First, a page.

(To go back and forth between the questions and the answers for
Alcoholics Anonymous, click on the numbers of the questions and
Personal testimonies of earlier converts.
When you go to meetings, cult members will all tell you that the cult
is wonderful and the best thing that ever happened to them.
(And if there are a lot of former members
who think that the cult totally sucks, well, they won't be around to
tell you that, will they?)
In some groups, a standard part of every get-together or church
service is a session where people "testify", or
"witness", or "share", and tell stories of what
wonderful things the cult has done for them. That helps to both
indoctrinate the newcomers and strengthen the "faith" of the
current members. In some groups, members graduate from beginner status
to regular membership when they can stand up before the whole group
and recite an acceptable speech about the wonderful benefits they
have gotten from belonging to the cult.
For example, Nichiren Shoshu Buddhism is a Santa Claus cult where
you chant for whatever you want — just grab your Christmas
wish list of things to get (money, car, house, laid, whatever),
and start chanting
to the Gohonzon, which is a reprint of an ancient scroll.
You chant to a printed piece of paper,
which the faithful insist has the magical power to grant wishes, among other things.
(The true believers will even entertain you with stories about
the Jumping Gohonzons, which allegedly jumped down off of the wall
and hopped out of a burning monastery in ancient Japan, and some believers will
also tell you that they get advice and guidance from their Gohonzon.)
Whenever you get something good, you have to stand up before the whole
church and brag about all of the wonderful things you have gotten from
chanting to the Gohonzon.
The Scientology book What Is Scientology? is loaded with testimonials, like:
The end result of my Drug Rundown restored me to my teenage years — when
I was honest, didn't take drugs or alcohol; when I was so full of life and
enthusiasm; when everything was new and wonderful and I could do anything.
All I had to do was decide I wanted something or to do something and it
happened. That state has been restored to me now.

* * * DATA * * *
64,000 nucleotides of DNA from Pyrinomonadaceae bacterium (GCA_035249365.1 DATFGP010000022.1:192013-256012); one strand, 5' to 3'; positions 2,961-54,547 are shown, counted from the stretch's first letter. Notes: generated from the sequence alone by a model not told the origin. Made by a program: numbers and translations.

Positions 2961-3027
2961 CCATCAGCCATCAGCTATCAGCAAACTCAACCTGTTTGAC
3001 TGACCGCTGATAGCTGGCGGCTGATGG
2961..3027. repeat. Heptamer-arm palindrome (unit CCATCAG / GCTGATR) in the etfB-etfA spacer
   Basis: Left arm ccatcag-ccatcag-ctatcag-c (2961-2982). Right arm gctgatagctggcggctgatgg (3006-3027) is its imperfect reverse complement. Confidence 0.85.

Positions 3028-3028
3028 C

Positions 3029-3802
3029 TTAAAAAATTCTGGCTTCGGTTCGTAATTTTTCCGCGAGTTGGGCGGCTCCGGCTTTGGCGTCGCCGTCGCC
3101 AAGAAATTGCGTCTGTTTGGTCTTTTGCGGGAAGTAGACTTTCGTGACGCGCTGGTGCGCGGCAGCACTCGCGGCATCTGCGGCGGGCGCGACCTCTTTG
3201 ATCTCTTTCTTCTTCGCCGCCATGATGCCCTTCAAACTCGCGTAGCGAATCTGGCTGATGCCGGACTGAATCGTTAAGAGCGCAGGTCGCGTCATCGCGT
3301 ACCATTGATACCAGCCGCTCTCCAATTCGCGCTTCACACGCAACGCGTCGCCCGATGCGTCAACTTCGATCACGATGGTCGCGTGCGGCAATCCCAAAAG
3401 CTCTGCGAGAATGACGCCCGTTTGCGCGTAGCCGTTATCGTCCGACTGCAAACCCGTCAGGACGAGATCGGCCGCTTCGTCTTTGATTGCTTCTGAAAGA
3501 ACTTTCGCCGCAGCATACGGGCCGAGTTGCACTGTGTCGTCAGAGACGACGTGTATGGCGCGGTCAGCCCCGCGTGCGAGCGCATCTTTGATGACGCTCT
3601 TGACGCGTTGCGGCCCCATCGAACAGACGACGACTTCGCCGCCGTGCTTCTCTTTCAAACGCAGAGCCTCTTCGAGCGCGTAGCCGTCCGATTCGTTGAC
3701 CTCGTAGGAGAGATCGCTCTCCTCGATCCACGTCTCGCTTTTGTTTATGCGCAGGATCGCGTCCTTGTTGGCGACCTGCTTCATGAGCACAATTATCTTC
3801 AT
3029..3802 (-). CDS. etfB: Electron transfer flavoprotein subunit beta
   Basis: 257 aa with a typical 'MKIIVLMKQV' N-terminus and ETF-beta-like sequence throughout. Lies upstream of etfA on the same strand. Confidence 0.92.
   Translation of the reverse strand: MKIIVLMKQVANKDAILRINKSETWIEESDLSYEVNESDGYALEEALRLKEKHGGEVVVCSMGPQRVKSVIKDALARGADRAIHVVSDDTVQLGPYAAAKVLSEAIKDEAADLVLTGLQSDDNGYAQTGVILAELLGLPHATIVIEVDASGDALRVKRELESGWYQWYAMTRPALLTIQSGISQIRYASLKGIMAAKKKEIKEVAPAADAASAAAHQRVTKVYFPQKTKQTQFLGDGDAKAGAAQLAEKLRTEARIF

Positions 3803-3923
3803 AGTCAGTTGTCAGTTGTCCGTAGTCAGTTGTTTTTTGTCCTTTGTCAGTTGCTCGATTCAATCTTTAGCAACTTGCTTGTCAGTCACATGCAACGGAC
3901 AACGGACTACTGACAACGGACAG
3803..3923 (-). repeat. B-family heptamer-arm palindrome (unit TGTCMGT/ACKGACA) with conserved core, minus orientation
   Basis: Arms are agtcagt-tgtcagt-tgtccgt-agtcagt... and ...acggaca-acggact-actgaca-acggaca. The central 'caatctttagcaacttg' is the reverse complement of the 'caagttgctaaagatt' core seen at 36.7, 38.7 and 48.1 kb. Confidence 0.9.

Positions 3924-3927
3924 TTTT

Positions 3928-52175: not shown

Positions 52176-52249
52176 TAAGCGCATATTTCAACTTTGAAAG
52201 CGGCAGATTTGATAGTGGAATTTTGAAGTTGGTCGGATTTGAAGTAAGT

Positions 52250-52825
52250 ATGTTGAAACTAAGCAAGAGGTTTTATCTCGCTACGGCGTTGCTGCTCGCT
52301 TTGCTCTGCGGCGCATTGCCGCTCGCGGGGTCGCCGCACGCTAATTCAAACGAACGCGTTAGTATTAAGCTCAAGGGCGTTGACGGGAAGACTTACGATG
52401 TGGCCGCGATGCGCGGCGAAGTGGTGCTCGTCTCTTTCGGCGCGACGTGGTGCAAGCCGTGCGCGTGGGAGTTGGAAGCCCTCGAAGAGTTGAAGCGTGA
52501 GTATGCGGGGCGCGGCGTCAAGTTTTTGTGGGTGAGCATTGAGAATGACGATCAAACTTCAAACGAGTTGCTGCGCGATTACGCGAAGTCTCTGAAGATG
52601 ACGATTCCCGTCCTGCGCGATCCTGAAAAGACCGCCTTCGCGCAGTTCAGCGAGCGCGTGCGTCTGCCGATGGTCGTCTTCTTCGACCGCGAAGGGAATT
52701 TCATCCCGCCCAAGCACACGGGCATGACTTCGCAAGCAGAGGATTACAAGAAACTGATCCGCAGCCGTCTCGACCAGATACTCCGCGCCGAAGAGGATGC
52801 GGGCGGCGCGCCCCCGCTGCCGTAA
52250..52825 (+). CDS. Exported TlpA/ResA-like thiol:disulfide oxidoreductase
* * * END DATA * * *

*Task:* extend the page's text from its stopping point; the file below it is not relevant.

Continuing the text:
What Is Scientology?, page 358.
I have been a Scientologist for many years and I can say with no reservation
whatever that the single most important thing for me is that through Scientology
auditing I have gained total certainty that I am a spiritual being.
To me that knowledge alone is more important than anything else in life.
What Is Scientology?, page 358.
Before I came into Scientology, I knew there was something more to understand about
myself and about life. I would wonder "Who am I?" but never really found
an answer, until Scientology.
The most valuable thing I have gained from Scientology is a complete
certainty of myself as a spirit. It may sound unbelievable to say that
Scientology delivers the promise of personal immortality, but it's true.
I know without doubt that I am a spiritual being and that I can create a future
for myself that is bright, expansive and long-lasting. And to me, that knowledge
Scientology Auditing What Is Scientology?, page 359.
Promises of restored youth and personal immortality are, of course, also an
example of another standard cult characteristic:
Promised Powers or Knowledge.
Scientology is so outrageous that they actually claim that they can sell you immortality
(for only $250,000).
Many cults routinely show off a chorus line of "poster children"
who all swear that the cult saved them from a fate worse than death,
or gave them enlightenment, or brought them to Jesus, or
got them off of drugs and alcohol, or some such
great thing... Those cults love to collect and show off rich and
famous people, like movie stars and champion athletes.
Scientology displays in its trophy case the heads of:
And from 1993 to 1998, Kirstie Alley was listed as Narconon's
international spokesperson. Narconon is Scientology's
version of a 'narcotics anonymous' organization.
Scientology also has Crimanon, for criminals, but Kirstie Alley
doesn't represent that one.
Notice how the Scientologists couldn't even think up
original names for their copy-cat organizations. They just copied the
Al-Anon, Narcanon, and Narcotics Anonymous naming so closely that you might
confuse one organization with the other — which just might have
been the idea all along. (To keep them straight in your mind, remember
that NarCONon is a Scientology CON. Narcanon is the wives' and childrens'
auxiliary for Narcotics Anonymous — not really good, but cheaper than Scientology.)
Speaking of chorus lines,
"est", the "Erhard Seminar Training" scam,
bragged about having bagged "John Denver, Valerie Harper,
Cloris Leachman, Joanne Woodward, Yoko Ono, and Jerry Rubin —
Later, they added the actor Roy Scheider and Broadway stage
actor Raul Julia.5
But they never did explain what "incredible results" they